Abstract

The abrupt onslaught of the syphilis pandemic that started in the late fifteenth century established this devastating infectious disease as one of the most feared in human history1. Surprisingly, despite the availability of effective antibiotic treatment since the mid-twentieth century, this bacterial infection, which is caused by Treponema pallidum subsp. pallidum (TPA), has been re-emerging globally in the last few decades with an estimated 10.6 million cases in 2008 (ref. 2). Although resistance to penicillin has not yet been identified, an increasing number of strains fail to respond to the second-line antibiotic azithromycin3. Little is known about the genetic patterns in current infections or the evolutionary origins of the disease due to the low quantities of treponemal DNA in clinical samples and difficulties in cultivating the pathogen4. Here, we used DNA capture and whole-genome sequencing to successfully interrogate genome-wide variation from syphilis patient specimens, combined with laboratory samples of TPA and two other subspecies. Phylogenetic comparisons based on the sequenced genomes indicate that the TPA strains examined share a common ancestor after the fifteenth century, within the early modern era. Moreover, most contemporary strains are azithromycin-resistant and are members of a globally dominant cluster, named here as SS14-Ω. The cluster diversified from a common ancestor in the mid-twentieth century subsequent to the discovery of antibiotics. Its recent phylogenetic divergence and global presence point to the emergence of a pandemic strain cluster.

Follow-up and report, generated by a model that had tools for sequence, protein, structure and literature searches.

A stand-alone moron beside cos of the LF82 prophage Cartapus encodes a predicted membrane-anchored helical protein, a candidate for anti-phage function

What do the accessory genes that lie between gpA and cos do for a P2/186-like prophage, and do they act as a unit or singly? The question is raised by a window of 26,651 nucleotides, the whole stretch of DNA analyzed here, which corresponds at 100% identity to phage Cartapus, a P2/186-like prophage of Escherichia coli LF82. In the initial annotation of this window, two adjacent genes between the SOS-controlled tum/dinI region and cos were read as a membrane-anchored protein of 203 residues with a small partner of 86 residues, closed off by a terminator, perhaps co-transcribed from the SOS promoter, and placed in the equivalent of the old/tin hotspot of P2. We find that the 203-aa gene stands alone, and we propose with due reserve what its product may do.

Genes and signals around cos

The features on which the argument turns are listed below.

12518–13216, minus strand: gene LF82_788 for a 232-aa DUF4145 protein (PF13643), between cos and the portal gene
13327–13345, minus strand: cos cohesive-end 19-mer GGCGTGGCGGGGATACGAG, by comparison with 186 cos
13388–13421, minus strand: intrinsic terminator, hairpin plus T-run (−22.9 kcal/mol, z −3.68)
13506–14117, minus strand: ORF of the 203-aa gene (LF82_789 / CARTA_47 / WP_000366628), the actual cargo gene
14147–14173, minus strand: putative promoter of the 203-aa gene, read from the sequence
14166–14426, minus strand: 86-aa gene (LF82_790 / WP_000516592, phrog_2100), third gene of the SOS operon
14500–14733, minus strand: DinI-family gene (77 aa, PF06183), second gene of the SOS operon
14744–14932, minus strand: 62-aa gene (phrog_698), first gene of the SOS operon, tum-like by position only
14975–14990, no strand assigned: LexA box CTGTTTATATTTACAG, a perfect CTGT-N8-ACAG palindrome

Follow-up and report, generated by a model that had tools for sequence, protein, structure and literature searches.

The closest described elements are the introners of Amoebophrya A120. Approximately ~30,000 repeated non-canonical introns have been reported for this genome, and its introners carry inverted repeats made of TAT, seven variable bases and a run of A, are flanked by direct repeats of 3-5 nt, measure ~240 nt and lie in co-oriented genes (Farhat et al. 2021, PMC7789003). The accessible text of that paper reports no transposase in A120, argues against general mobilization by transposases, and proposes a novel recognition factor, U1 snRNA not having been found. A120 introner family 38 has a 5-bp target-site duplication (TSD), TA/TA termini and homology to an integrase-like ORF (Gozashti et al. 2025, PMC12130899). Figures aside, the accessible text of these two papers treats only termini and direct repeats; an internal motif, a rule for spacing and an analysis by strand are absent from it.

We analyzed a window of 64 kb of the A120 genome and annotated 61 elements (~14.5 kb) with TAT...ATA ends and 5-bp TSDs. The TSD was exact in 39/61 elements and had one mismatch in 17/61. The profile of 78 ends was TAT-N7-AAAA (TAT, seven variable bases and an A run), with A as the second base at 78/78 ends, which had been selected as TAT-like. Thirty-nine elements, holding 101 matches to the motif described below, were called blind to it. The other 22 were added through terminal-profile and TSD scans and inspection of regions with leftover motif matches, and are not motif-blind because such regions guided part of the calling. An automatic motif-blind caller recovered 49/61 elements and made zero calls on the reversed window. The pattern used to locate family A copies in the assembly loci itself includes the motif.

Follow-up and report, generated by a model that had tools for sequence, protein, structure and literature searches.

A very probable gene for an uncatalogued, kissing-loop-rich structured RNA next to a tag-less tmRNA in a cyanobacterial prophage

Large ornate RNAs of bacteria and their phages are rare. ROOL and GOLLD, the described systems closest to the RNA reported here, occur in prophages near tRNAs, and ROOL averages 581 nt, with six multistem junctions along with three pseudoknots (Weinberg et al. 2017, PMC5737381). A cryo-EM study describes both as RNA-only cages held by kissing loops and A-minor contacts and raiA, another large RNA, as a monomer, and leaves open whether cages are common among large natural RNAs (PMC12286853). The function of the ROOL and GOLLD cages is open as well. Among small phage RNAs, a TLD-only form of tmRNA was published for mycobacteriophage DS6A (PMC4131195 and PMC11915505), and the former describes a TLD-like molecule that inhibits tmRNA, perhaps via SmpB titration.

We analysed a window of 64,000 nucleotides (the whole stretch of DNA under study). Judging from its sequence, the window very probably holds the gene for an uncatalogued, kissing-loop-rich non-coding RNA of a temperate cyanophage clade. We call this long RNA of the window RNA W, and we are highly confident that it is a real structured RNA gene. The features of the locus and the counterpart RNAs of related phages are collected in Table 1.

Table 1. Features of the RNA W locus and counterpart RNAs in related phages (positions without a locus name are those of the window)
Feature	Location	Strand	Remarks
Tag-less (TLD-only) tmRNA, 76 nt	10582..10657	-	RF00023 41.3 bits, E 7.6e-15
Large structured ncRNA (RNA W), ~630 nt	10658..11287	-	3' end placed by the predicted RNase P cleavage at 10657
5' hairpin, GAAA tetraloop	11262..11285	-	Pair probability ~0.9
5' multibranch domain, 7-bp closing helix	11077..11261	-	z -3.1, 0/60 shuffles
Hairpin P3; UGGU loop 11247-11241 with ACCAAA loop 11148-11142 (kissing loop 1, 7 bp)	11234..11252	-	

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Acknowledgements

Research in Zurich by N.A. and H.C.B. was funded by the Forschungskredit and the University of Zurich. A.H. was funded by an ERC Starting Grant. F.G.C. and L.S.B. were funded by MINECO (Spanish Government) and PROMETEO (Generalitat Valenciana). K.I.B. was funded by the Social Sciences and Humanities Research Council of Canada. L.M. was funded by the Faculty of Medicine of Masaryk University. The authors thank S. Lautenschlager for guidance, A. Drummond for input on BEAST, S. Lukehart for providing HaitiB, Sea86-1, Bal3, Bal9, Bal73-1 and Grady1 strain DNA, and C. Marra for providing UW249B and UW231B strain DNA. The authors also thank A. Messina and the S3IT at the University of Zurich for providing computational resources and services, and I. Schoechli and L. Keller's group for their valued support.

Author information

Author notes

    • Alexander Peltzer